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Author Topic: Will it be sensible to join istock now?  (Read 3643 times)

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« on: February 09, 2013, 17:30 »
I am thinking of joining istock. I am reading the threads in various forums including MSG and at istock as well. Some people at istock say, it is perfectly fine while the members here are offering different views. So, that creates a situation which keeps new members away from istock.

What is the advice of seniors here. Should I wait further or I should join istock now?


  • There is a crack in everything
« Reply #1 on: February 09, 2013, 17:40 »
No one else can tell you. They do seem to be the Evil Empire at the moment, but that honour does tend to move around over time.
There are a lot of haters here, and with reason; I don't however regard it as in any way a personal relationship, and ATM I'm staying there.

« Reply #2 on: February 09, 2013, 17:47 »
go ahead, they have 15% waiting for you, tomorrow might be 10%, go go go ;D

« Reply #3 on: February 09, 2013, 19:11 »
On the other hand, I made more last year with 30+ images on IS @ 15% than 300 images @ 50% on 123..   :o

« Reply #4 on: February 09, 2013, 19:26 »
If you would like to contribute your hard-earned money to a company that is non-communicative, doesn't respect the work of their contributors and doesn't care about the contributors themselves, then by all means join iStock.
« Last Edit: February 09, 2013, 19:30 by jsmithzz »

« Reply #5 on: February 09, 2013, 19:32 »
heywoody, Performance of your 36 images on istock is impressive. 200 downloads. That's a good number (I  may not know what is real good).

My portfolio numbers are:
Dreamstime 6
Depositephotos 44
Fotolia 7
123rf 18
bigstock 6
Canstock 0

Regardless to say, I am yet to see any sale. So, I may be partially blind to what is good and how it performs. I have to rely on the advice of members here.

My main focus right now is to build portfolio with atleast 100+ images to go.  I am uploading 20+ images per week. Dreamstime allows me 23 per week. So, my target is to fill sites to review with 23 images. It takes close to one week to get the accepted content to go fully online.

I am still undecided to go on istock. I dont know whether I am missing the bus or just by luck avoiding the journey to neverland.

« Reply #6 on: February 09, 2013, 21:00 »
If you would like to contribute your hard-earned money to a company that is non-communicative, doesn't respect the work of their contributors and doesn't care about the contributors themselves, then by all means join iStock.

I wouldn't disagree with any of this.  However, business is about spending as little as possible to make a much as possible and I don't believe any site actually cares about its contributors - IS and FT are just a lot more blatant whereas SS, for example, understand that alienating people is not good business.  Still, if you are selling it seems sensible to sell where you get the best return.  I completely understand that those depending on this for a living and who are very exposed at IS because of the google deal need to limit that exposure as much as possible.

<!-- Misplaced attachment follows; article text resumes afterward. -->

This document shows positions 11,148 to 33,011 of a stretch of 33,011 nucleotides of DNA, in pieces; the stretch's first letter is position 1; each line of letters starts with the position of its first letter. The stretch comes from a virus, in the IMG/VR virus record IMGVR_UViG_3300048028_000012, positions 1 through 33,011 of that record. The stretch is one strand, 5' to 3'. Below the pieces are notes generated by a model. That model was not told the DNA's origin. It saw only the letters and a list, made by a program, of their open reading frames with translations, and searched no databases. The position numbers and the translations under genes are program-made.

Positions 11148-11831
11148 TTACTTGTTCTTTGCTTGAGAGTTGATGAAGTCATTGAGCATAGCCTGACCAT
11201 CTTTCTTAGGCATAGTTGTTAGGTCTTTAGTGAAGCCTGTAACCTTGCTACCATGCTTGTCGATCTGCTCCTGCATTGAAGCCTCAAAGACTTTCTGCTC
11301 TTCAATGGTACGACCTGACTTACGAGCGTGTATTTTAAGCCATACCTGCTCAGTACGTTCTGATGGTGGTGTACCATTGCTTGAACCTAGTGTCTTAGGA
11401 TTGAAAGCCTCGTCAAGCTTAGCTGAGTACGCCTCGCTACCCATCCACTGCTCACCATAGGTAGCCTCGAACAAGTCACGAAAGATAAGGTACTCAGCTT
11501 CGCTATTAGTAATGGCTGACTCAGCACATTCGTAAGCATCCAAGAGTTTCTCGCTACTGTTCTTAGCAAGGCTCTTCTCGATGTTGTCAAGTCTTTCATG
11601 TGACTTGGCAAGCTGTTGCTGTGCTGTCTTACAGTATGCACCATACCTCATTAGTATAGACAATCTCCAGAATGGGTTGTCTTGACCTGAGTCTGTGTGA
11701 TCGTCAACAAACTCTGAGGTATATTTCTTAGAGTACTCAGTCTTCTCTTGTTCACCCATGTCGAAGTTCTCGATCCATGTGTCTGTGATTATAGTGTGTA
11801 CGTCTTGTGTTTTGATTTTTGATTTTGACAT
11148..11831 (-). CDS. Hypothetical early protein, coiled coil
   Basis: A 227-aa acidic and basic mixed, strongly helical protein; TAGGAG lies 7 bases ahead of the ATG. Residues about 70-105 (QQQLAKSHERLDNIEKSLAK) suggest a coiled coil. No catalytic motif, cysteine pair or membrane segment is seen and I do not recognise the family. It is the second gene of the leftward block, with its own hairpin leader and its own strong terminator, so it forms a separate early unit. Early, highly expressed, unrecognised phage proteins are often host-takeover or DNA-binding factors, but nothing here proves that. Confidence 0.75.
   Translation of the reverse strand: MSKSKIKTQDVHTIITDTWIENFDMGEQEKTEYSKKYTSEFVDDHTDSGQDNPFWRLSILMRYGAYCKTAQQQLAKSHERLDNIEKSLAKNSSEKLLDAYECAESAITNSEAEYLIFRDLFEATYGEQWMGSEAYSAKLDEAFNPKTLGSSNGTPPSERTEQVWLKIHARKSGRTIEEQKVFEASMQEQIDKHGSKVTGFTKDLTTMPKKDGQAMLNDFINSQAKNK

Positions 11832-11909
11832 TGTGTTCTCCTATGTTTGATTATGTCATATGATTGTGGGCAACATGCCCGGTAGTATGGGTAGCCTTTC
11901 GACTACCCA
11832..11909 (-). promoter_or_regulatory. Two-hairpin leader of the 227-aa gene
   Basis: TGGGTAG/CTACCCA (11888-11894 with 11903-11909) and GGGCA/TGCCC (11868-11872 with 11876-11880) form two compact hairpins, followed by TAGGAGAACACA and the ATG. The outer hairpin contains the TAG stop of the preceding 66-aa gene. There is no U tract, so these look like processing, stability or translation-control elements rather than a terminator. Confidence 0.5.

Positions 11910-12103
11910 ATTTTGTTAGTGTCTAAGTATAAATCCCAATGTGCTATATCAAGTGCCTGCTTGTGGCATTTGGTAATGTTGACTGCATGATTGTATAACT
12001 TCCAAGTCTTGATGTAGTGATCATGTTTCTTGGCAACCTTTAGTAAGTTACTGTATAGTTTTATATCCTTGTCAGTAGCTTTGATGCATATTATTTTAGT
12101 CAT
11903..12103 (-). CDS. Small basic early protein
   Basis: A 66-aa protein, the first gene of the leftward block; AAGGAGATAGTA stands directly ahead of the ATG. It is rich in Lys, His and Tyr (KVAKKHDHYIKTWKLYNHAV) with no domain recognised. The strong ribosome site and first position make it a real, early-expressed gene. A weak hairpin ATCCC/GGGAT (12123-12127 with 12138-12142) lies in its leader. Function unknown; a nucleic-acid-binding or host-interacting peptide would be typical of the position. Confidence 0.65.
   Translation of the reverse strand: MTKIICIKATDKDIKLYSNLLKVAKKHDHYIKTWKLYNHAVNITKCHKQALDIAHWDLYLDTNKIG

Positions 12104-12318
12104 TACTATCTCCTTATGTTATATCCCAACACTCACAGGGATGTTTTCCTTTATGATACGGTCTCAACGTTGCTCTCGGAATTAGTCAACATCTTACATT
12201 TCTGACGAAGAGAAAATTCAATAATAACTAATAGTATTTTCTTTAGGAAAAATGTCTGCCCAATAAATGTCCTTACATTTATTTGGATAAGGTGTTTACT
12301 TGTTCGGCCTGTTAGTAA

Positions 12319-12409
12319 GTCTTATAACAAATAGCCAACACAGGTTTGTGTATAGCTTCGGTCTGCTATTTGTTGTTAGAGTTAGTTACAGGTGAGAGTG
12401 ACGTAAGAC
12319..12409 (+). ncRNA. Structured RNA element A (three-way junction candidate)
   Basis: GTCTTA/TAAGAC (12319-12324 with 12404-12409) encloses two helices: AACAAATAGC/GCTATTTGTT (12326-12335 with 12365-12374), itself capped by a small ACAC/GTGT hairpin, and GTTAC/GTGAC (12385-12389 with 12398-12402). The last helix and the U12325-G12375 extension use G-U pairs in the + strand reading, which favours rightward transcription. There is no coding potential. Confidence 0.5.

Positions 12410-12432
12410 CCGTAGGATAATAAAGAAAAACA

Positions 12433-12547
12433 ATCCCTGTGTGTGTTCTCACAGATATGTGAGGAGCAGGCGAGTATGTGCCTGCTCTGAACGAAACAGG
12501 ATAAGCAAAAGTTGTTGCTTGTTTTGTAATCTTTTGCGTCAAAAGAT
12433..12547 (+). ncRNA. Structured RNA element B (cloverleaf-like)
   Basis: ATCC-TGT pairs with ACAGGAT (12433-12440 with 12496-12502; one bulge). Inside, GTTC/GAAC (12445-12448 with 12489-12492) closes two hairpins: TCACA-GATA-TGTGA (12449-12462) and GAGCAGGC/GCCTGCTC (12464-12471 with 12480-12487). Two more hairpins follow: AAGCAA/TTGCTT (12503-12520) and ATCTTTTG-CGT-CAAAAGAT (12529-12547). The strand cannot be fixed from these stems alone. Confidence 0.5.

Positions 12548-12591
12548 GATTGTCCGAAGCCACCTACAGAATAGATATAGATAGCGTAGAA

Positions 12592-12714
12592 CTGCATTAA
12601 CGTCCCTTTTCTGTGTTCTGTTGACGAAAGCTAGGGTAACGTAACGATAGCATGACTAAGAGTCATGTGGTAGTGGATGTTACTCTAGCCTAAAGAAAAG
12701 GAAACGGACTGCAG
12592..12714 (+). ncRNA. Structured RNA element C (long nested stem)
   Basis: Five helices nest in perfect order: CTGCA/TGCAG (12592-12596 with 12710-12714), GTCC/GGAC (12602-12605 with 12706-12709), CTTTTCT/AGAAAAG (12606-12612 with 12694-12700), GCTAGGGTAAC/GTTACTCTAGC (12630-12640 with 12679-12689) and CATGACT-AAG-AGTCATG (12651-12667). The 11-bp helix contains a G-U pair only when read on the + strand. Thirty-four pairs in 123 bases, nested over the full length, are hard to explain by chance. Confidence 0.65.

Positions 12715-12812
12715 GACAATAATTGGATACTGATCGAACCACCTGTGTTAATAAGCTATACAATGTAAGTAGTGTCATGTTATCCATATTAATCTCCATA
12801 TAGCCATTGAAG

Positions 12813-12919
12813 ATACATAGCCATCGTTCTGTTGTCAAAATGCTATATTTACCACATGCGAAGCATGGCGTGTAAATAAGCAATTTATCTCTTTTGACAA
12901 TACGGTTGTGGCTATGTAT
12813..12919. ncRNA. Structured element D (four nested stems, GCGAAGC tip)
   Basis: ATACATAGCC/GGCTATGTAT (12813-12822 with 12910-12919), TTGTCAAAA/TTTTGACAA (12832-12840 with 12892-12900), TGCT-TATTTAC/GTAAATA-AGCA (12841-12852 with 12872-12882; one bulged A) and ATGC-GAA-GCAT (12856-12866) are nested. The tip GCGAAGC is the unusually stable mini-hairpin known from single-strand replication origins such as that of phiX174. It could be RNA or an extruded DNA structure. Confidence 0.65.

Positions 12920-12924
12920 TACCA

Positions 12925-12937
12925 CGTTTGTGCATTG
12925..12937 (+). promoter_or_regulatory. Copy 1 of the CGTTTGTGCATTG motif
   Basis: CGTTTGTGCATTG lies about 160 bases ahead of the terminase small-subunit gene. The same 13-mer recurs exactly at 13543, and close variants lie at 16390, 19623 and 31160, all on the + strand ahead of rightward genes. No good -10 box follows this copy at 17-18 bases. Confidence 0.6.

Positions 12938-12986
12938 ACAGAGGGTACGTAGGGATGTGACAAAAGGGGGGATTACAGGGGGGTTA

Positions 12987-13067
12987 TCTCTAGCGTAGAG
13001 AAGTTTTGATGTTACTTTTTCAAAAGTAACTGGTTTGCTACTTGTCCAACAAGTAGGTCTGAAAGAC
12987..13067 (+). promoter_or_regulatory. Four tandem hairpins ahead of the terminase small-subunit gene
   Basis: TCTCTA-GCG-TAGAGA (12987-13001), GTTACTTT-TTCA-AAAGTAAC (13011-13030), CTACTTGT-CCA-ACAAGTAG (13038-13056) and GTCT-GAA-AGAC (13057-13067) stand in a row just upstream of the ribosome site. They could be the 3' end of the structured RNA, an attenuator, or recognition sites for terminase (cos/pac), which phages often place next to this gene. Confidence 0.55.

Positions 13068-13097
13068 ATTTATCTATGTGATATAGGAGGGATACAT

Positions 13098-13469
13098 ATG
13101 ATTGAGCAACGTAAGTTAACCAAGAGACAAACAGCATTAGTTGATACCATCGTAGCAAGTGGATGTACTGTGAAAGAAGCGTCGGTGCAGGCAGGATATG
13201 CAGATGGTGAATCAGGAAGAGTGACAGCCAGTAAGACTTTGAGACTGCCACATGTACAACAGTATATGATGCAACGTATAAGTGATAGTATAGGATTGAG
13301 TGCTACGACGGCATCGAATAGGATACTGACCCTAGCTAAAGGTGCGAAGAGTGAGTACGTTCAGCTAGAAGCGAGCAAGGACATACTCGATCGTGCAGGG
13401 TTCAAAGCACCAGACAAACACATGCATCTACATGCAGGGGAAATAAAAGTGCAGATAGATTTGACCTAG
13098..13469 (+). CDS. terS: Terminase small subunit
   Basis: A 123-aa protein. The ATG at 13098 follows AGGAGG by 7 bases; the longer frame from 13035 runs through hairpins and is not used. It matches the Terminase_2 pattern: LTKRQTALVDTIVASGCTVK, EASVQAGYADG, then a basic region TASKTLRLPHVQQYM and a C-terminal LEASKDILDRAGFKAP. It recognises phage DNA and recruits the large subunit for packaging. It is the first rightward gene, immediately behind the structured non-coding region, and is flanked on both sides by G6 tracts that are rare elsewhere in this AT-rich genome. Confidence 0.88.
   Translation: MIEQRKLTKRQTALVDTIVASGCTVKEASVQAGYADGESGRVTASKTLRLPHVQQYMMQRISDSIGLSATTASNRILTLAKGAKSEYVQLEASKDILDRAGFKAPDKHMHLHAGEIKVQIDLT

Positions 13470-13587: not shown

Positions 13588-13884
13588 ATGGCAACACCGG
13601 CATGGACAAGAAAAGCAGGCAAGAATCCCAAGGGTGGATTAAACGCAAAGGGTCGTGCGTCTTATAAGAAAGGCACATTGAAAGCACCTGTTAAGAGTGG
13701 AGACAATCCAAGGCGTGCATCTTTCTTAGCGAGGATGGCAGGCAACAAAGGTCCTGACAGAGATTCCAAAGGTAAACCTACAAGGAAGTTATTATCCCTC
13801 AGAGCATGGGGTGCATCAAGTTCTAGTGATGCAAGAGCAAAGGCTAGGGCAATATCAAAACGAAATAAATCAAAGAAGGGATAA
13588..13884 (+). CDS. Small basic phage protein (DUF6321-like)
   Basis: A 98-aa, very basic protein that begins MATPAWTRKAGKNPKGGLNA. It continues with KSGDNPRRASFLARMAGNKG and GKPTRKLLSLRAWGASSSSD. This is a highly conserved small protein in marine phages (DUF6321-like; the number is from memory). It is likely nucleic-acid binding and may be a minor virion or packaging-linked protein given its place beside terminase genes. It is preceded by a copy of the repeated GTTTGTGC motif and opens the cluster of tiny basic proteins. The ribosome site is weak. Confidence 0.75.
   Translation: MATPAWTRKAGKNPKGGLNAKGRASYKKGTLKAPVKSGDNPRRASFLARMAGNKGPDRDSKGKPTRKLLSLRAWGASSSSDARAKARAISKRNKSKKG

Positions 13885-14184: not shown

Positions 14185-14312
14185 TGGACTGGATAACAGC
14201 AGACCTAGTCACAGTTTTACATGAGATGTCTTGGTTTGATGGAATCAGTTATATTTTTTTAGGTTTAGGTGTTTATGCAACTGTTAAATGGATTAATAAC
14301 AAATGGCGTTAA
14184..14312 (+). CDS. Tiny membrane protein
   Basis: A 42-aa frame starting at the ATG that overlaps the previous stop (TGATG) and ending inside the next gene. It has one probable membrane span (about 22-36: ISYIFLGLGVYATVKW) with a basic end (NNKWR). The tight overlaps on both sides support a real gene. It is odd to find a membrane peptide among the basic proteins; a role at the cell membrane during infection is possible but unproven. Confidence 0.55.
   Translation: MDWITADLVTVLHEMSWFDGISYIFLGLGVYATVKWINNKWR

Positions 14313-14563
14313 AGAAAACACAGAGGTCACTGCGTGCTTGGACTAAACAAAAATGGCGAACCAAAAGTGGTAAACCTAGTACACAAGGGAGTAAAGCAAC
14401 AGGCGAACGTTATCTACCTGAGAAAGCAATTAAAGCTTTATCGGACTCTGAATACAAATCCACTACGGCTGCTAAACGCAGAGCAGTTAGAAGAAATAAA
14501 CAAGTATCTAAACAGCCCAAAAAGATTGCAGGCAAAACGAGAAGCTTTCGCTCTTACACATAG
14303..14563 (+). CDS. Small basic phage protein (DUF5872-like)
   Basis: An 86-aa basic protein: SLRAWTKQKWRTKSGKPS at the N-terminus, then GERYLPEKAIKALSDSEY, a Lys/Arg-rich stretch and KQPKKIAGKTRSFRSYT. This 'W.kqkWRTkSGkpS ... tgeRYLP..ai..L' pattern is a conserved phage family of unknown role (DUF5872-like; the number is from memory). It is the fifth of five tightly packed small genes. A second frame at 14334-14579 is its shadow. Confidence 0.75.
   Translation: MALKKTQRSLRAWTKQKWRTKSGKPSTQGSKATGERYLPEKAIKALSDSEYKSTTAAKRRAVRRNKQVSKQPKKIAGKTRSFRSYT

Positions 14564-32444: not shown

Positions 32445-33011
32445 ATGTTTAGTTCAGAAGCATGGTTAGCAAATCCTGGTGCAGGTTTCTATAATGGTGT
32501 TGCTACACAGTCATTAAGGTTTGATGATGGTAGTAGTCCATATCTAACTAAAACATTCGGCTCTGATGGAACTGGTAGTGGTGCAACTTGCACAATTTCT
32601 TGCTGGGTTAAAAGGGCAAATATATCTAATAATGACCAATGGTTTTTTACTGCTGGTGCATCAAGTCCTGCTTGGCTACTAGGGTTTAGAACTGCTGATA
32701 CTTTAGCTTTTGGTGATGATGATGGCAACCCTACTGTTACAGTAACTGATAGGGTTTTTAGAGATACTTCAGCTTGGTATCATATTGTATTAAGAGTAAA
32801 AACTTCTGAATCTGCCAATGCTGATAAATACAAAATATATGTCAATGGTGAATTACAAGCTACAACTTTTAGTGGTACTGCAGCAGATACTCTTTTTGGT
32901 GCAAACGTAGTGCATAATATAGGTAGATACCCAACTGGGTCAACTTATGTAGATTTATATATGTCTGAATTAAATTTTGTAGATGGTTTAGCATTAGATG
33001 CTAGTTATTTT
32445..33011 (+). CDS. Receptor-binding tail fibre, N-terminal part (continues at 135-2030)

« Reply #7 on: February 09, 2013, 22:10 »
I think you'd learn a lot by getting your work accepted at the top 4 sites. Once you have 500 images online at those you can start to think about whether you want to stay at any of them long term. Think of it as a free training course - your time is obviously what you put in, so no cash, but still an investment.

« Reply #8 on: February 09, 2013, 23:05 »
I depends on how deeply you plan to get involved in microstock photography.  If you have a long range plan to work toward significant income, diversity is probably a good idea.  If you want to enjoy selling  photos on-line and have limited time to spend it may be better to go exclusive a t iStock or somewhere else.  At least at IStock, being exclusive pays far more.  As mentioned by others, this business is starting to be run more like a business, in other words the short term bottom line being more important than long term contributor relations.  The issues at iStock have been poorly handled but I think there are and will  be significant issues at every agency as mergers and buyouts inevitably occur. There are certainly many excellent contributors but in the view of the agencies, there are dozens if not hundred of times more potential future contributors  willing to be "milked" for quite a while.  Supply is outrageously high and going up rapidly, only a foolish business does not realize that.

« Reply #9 on: February 10, 2013, 02:53 »
If you are in microstock for the money, it wouldn't be wise to skip one of the biggest market places. I see SS is missing in your list as well, I think you need to try both IS and SS yourself to figure out what works best for you. You will learn lots of technical stuff on the way helping your own development as well.

If you have a problem with having your images distributed all over the internet at low prices, the whole microstock market isn't the right thing for you anyways.  ;)

« Reply #10 on: February 10, 2013, 03:11 »
He's limiting his uploads according to what the lowest limit is - what's the weekly allowance on iStock for a newbie?